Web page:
Reuben Davis, a prolific lawyer and politician, was born on 18 January 1813 in Winchester, Tennessee. Following the wishes of his father, a Baptist preacher, Davis moved to Hamilton, Mississippi, to study medicine with his brother-in-law. He could not resist the lure of the law, however, and earned a law license and settled in Aberdeen with his bride, Mary. Known for his courtroom theatrics, Davis built a thriving law practice that later prompted historian Dunbar Rowland to rank him among the three greatest criminal lawyers in Mississippi history.
Davis was elected colonel of the 2nd Mississippi Infantry in the Mexican War and embarked for Mexico in 1847. Plagued by illness, Davis’s regiment never saw action, and his time in Mexico was one of the unhappiest of his life.
Davis subsequently concentrated on his political aspirations and after several unsuccessful attempts won the Democratic nomination for Congress and defeated Whig Charles Clark in 1856. Davis joined the southern fire-eaters in Congress and made speeches defending slavery and advocating secession, making him a hero to many of his constituents. He won reelection in 1858 after no one stepped up to challenge him. Joining other Mississippi statesmen, Davis spoke around the state to unite Mississippians against Abraham Lincoln in the 1860 campaign and to urge secession after Lincoln’s election. As the Mississippi secession convention met, Davis resigned his seat in Congress and returned home to Aberdeen.
After the Civil War started, Gov. John J. Pettus appointed Davis major general of the state military board, where he helped to raise, drill, and arm the militia. When the Confederacy asked for troops, Pettus appointed Davis commander of an ill-equipped expedition of sixty-day Mississippi volunteers into Kentucky to defend Bowling Green. The failure of this expedition earned Davis great criticism as a military leader.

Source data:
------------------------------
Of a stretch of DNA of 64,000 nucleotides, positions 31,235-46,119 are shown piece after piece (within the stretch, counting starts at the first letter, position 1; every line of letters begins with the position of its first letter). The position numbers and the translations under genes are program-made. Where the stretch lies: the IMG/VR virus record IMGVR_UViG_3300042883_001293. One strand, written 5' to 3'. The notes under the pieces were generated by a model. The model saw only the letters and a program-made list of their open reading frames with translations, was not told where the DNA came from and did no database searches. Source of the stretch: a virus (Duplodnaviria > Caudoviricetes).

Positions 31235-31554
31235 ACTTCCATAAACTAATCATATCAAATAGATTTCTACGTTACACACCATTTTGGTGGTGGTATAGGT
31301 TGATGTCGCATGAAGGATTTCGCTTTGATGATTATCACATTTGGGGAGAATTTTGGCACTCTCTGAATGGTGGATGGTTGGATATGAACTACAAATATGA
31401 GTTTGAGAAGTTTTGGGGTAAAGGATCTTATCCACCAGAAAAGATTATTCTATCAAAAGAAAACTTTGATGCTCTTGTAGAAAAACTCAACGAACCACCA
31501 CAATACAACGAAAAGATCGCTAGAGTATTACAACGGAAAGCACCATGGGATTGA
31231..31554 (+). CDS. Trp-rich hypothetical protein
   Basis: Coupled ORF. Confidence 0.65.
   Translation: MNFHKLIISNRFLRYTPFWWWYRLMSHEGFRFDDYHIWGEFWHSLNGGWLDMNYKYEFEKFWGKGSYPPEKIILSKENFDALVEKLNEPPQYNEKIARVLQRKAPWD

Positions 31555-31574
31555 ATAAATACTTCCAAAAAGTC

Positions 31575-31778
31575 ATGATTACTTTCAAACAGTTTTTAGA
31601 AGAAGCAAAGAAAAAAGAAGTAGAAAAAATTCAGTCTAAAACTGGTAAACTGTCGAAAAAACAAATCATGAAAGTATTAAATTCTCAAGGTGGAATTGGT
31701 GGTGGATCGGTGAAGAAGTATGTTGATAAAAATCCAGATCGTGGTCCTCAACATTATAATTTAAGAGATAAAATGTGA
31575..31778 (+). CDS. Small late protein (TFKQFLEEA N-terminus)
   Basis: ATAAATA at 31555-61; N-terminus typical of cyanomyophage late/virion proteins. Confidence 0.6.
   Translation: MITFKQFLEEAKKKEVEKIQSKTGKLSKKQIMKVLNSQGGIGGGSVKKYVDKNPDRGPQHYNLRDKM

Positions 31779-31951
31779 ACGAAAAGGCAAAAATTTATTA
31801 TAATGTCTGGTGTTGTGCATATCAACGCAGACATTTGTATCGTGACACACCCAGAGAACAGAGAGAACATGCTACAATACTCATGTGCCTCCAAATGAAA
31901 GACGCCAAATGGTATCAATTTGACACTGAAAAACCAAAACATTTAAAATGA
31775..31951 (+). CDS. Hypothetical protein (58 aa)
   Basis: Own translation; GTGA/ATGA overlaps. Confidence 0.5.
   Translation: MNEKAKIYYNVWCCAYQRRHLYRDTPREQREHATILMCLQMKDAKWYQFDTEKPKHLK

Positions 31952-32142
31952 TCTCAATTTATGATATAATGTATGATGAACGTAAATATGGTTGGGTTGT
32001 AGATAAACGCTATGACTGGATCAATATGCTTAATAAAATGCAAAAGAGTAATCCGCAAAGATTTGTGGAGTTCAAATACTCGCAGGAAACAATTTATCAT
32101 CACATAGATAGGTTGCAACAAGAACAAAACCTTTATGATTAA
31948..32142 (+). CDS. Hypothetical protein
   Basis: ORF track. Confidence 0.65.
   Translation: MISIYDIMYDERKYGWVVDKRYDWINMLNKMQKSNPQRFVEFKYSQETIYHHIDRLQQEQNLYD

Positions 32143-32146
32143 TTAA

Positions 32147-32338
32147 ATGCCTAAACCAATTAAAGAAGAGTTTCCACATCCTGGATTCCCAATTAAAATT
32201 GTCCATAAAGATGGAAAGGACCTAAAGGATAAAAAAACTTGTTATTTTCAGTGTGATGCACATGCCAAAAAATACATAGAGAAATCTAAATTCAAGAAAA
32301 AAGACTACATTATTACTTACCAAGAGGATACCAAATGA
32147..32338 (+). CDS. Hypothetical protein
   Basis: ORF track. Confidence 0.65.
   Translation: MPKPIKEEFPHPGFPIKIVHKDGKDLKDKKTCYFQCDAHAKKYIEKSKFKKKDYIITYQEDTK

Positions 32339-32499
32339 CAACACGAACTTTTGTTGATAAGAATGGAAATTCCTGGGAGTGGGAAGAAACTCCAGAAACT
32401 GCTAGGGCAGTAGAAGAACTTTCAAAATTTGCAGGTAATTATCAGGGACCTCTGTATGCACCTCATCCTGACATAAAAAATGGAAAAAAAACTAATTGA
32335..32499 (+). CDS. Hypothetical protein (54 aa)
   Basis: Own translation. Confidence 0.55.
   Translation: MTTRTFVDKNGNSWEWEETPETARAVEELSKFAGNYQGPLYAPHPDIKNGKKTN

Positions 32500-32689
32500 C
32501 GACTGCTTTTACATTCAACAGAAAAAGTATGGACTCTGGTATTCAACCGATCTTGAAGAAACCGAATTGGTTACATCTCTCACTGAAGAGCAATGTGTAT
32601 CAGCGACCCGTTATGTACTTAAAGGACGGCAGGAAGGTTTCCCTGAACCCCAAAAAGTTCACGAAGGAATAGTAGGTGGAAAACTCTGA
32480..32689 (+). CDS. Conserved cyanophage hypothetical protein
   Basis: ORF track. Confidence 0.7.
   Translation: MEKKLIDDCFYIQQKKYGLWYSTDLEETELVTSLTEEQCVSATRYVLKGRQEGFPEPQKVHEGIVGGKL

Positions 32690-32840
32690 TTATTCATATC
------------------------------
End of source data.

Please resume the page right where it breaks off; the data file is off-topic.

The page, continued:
Moving from the military realm back into the political one, Davis easily won the election to the Confederate Congress and began serving in 1862. He became a very vocal opponent of Pres. Jefferson Davis’s administration. The two Davis men, who were not related, knew each other as members of Mississippi’s prewar congressional delegation. Reuben Davis’s views on conscription and other military matters often brought him into conflict with not only Jefferson Davis but also other members of Congress. Reuben Davis resigned his seat in 1863 and ran for governor, losing in a landslide to war hero Charles Clark.
After the death of his first wife in 1865, Davis married Sallie Garber, who gave birth to three children. His law practice in Aberdeen again flourished, and he soon found himself drawn back into politics. Davis joined with other whites in the state to overthrow the Reconstruction government in the 1875 election, delivering fiery speeches and employing other scare tactics to intimidate black voters and ensure a Democratic win.
Davis switched parties and ran as the Greenback candidate for Congress in the bitterly contested 1878 election, losing to H. L. Mudrow and then retiring from politics. One of the greatest achievement of Davis’s life was the publication of his memoirs, Recollections of Mississippi and Mississippians. Popular with both his contemporaries and historians, Recollections provides an invaluable and unique glimpse into antebellum Mississippi life. Davis died suddenly on 24 October 1890.
- Reuben Davis, Recollections of Mississippi and Mississippians (1972)
- Nancy Prince, “Reuben Davis: The Biography of a Politician in Civil War Era Mississippi” (master’s thesis, University of Mississippi, 1998)
- Dunbar Rowland, Courts, Judges, and Lawyers of Mississippi, 1798–1935 (1935)